Friday, January 8, 2010

2009: My Year in Books

The other day, as I read a post on the fine blog My Adventures in History, I came across a wonderful post about Rebecca’s (the blogmaster) 10 favorite history books of 2009, and I decided that was such a great idea, I would steal the thought for my own blog (which I openly admitted in my comments to her.)

Now, I’m not going to actually create a formal "best of" list, but I do want to list some of the books I read this (I mean last year, but I may repeat that mistake, sadly enough) year and perhaps make a few comments about them. I will especially try to list ones from the first half of 2009 before I joined the blogsphere, as I have reviewed a few of these volumes in the past several months and I don’t want to repeat too much.

One that I started in late 2008, but finished in early 2009 was Tried by War: Abraham Lincoln as Commander-in-Chief by James M. McPherson. I must admit I was a bit disappointed with it. It was McPherson’s usual good writing, very readable and a nice overview of the war, but it did not touch upon the Commander-in-Chief’s role as much as I had hoped. It still is a fine book, but maybe my expectations were too high, given how much I have enjoyed other works by McPherson.

I then moved on to Lincoln President-Elect: Abraham Lincoln and the Great Secession Winter 1860-1861 by Harold Holzer. I enjoyed this book very much. I was not familiar with the term the “Great Secession Winter” before reading this work. I also liked how Holzer showed the “masterly inactivity” that Lincoln and his advisors tried to practice before he took office, not repeating what they had mentioned so often in the campaign of 1860.

The Rifle Musket in Civil War Combat: Reality and Myth by Earl J. Hess was one of the most thought-provoking and interesting books I can recall reading. Hess’ research and the points he makes about how the rifle, despite great expectations at the start of the war and its reputation since, did not reach its maximum potential usefulness, due to many reasons, especially regarding the lack of training for soldiers to use it. In fact, Hess argues the old smoothbore muskets were similar in effect, since the distance between opposing forces remained in the smoothbore’s range, negating the potential impact of the rifle musket’s increased accuracy over distance. This is a must read for any Civil War student.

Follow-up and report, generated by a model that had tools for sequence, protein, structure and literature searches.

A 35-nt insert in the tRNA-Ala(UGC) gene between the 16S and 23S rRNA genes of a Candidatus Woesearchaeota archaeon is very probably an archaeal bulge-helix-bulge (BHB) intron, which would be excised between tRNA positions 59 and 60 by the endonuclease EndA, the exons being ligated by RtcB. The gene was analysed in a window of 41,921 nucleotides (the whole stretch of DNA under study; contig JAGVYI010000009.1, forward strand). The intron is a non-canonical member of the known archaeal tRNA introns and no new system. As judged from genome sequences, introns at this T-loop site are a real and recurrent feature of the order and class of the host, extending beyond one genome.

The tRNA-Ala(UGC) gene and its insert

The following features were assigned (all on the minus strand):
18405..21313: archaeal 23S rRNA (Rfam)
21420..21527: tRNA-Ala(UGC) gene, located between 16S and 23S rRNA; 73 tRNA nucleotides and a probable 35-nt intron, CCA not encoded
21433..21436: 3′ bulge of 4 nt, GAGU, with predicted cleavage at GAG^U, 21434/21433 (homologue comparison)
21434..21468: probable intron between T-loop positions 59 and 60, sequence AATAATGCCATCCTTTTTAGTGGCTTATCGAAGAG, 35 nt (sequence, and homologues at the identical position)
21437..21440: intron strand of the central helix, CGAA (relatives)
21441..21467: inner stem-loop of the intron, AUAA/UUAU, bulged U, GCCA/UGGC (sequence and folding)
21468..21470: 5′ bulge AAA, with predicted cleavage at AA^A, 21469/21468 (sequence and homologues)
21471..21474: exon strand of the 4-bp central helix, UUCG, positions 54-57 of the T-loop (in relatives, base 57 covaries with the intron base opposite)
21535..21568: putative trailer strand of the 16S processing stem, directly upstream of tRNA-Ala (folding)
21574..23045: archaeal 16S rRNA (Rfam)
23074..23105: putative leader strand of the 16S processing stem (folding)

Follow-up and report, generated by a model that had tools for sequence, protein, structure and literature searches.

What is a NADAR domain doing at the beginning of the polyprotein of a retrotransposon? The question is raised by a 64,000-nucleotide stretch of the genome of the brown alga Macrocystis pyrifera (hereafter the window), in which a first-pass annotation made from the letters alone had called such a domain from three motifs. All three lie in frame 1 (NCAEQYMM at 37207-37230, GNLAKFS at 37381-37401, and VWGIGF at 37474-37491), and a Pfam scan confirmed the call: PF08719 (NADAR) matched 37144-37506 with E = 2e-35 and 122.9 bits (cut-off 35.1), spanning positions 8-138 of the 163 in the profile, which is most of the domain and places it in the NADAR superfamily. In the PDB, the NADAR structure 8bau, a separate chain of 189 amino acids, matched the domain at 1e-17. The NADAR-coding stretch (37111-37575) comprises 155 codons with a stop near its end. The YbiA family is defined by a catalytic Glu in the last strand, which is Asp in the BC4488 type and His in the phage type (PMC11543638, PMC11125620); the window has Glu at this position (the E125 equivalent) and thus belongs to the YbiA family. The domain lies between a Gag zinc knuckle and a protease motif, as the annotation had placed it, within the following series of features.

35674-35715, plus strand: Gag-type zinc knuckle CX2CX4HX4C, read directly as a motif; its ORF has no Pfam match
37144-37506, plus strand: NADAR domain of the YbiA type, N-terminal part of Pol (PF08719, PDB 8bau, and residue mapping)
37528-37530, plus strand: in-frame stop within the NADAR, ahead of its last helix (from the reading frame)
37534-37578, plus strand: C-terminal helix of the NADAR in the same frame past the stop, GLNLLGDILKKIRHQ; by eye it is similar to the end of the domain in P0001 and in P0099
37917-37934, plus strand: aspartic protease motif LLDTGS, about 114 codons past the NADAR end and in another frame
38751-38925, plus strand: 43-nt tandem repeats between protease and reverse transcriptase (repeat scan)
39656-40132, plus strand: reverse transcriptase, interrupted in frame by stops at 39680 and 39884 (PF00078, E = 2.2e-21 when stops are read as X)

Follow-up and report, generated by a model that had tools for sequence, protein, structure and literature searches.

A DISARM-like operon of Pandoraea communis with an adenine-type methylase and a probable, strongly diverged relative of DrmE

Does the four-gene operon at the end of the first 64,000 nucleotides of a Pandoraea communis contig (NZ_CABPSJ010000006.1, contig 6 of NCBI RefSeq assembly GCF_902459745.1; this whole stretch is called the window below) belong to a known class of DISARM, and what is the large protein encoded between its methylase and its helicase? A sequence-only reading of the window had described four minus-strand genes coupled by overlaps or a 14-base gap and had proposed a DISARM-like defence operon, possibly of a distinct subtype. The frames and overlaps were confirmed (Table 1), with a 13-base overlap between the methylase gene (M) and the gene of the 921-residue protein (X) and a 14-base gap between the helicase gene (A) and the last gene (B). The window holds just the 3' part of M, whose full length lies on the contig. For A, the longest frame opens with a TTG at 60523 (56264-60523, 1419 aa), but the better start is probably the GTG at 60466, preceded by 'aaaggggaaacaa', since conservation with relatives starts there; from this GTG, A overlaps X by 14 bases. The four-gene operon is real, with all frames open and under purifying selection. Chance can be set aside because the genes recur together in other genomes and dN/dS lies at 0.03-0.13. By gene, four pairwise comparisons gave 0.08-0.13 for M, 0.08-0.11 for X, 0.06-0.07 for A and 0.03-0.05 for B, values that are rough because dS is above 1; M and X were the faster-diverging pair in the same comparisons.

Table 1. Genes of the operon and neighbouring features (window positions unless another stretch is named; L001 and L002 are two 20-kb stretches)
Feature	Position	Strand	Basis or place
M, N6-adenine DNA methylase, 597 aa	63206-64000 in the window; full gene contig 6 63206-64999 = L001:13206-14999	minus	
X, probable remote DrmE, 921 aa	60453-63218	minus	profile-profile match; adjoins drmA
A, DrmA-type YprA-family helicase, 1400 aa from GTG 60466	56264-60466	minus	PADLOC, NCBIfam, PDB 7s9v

William E Dickens Jr. is a pastor at a Northern Kentucky church and a veteran of the war in Iraq, where he served as chaplain. His work, Answering the Call: The Story of the U. S. Military Chaplaincy from the Revolution through the Civil War is a fine review of the history of chaplains throughout U.S. military history. It contends that much of the modern chaplain position started becoming so during the Civil War, as this was a position that had not had much regulation in the country’s youth. I saw Dr. Dickens give a presentation on chaplains and had the privilege of meeting him. This is a fine book, and another on a subject that is not often covered in most Civil War studies.

John C. Waugh’s One Man Great Enough: Abraham Lincoln's Road to Civil War struck me as bordering on hagiography, but is a good book for any admirers of Abraham Lincoln in his pre-presidential years. It is a good read, heavy on praise for its subject.

Englishman Paddy Griffith wrote Battle Tactics of the Civil War, a book I learned of in Hess’s work about the rifle musket. It was another very good book, but is a bit technical at times, at the very edge of my understanding of military tactics and information. Griffith argues that the Civil War was closer to one of the Napoleonic wars rather than “the first modern war” as it is often described. It is a very informative book, though it sometimes takes effort for a military amateur like myself to get through it. Griffith’s and Hess’ works would make for a good pairing to read back-to-back, especially for those interested in the military aspects of this war. (After all, what is a war, if not a contest between two (or more) militaries?)

A. Lincoln: A Biography by Ronald C. White Jr. is a very strong candidate for my favorite book from 2009, if not my favorite Civil War work ever. I rarely have enjoyed a book like I did this one. It was very readable and flowed well, and covered all of Lincoln’s life. I thought it did an especially good job of discussing Lincoln’s role not only as Commander-in-Chief, but also as de facto General-in-Chief when he could not prod Henry Halleck into doing the job as Lincoln conceived of it. I thought this work covered this aspect much better and in-depth than McPherson’s worked mentioned earlier. I will not go on much further, but White also established a theme around Lincoln’s growth as a writer, speechmaker, politician and moral person. In fact, this book helped inspire my series of blog entries on how the phrase “internal improvements” applied to Lincoln himself, not just his economic policy. The first entry is here while my entries of August 26 and August 28 also covered this theory.

This entry is getting to be a bit longer than I anticipated, so I will post this now, and then add a few more books in a future post as well, including some of those I reviewed in-depth in previous blog entries. I finished Mr. White’s work on June 10, so that’s about the half-way point and a good place to stop.

Happy reading!

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